Another weekend, another car. We rented this one just for the day. Brand new Clio. An automatic-powered little blue rocket. Horatio raced it around the track that is the road north, to Fort-de-France.
It must feel different driving a little gravity-hugging machine compared to Quest’s floating piece of windage. We did have to wipe the G-force from our faces at the end. Just arrived again – at the mall.
It was rainy yesterday and cool. I mean we were all wearing t-shirts and shorts. There wasn’t a sign of a jumper around – but we still felt cool. I will never not miss this weather.
And here’s the thing about Martinique. We spent the day shopping – mostly browsing, walking past all the things you can buy. Despite the protest of Macron’s pension reform scheme at a random roundabout of about twenty people. Twenty people! Compare this to the tens of thousands in Paris this weekend.
Martinique citizens have full French legal and political rights. They send representatives both to the French council and the French Senate. They benefit from the same high standards of healthcare. They most likely pay similar, almost socialist levels of tax, but they have stuff to show for it. Subsidies. Infrastructure. And guess what? No terrorism here. Did I say it? Fingers crossed.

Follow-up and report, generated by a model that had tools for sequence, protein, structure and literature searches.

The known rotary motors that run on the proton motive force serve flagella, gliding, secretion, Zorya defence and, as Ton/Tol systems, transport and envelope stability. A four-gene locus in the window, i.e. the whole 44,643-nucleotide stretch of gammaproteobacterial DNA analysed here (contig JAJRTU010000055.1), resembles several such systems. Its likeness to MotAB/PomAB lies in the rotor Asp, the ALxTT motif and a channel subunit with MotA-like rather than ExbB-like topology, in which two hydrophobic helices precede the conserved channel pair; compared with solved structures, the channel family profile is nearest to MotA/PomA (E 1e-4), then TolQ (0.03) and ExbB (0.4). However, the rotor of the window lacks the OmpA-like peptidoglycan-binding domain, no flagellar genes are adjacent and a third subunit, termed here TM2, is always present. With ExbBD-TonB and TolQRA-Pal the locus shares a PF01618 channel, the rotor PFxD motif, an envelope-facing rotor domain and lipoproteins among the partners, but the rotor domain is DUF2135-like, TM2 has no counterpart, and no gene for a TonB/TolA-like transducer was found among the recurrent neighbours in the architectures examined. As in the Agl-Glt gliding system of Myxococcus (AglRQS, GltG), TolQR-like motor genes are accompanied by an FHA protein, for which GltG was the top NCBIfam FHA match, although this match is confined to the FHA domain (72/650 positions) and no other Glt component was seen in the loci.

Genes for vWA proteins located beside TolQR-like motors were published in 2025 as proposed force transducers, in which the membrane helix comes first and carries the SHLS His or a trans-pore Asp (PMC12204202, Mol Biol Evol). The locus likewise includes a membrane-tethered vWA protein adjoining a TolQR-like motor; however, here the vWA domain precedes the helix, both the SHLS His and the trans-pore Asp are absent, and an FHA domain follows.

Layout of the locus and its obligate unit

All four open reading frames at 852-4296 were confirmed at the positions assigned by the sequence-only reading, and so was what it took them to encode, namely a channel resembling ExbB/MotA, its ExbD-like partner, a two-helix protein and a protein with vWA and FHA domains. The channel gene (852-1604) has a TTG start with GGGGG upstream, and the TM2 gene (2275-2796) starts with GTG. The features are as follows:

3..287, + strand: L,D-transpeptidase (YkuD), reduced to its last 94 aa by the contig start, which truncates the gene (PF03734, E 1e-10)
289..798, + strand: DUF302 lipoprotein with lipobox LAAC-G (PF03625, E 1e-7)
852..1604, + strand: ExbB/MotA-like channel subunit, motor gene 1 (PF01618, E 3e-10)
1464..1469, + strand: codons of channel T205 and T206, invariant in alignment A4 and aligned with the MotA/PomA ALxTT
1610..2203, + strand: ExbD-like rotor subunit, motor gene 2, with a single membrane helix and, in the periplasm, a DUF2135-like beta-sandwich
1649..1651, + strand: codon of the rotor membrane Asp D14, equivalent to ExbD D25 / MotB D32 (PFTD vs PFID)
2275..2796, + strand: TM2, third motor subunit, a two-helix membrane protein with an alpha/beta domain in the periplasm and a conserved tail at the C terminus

It makes me wonder. We went to Decathlon again, which has pretty much everything you need to be fit and active for your entire lifetime. We found the biggest Carrefour we’ve ever seen – a new mall complex tucked behind sugar cane fields in the Rivière Salèe neighbourhood. We almost passed it until we noticed the flag.
‘All malls ticked off,’ Ellie noted with satisfaction as we parked the blue rocket. There were travelators in the actual car park.
I’m not saying that everyone in Martinique should be eating Black Angus beef and snails for sale in this Carrefour. But you get free endless samples of peanut butter-chocolate ice cream and helpings of yoghurt as you shop. All the French perks and you’re in the Caribbean.
We had to cast a vote on the way home. This place reminding us of another ‘fortunate’ isle: Gran Canaria. There too you had European-style infrastructure in a paradise island setting. The weather was slightly cooler there and had cooler seas with it (the part where I shiver), but there is one distinct advantage. You don’t have six months of the year where you’re on catastrophic storm watch.
In 2007, Hurricane Dean wiped out Martinique’s banana crop where 10,000 people are employed and 70% of the sugar cane crop was destroyed. Living here, people know they’ll probably have to re-build. By contrast, the Canary Islands very rarely gets destructive-strength storms. But the water is nice in the Caribbean. Really, really nice.
Which one would you choose? Just a game in the car of course. We’re from Borth.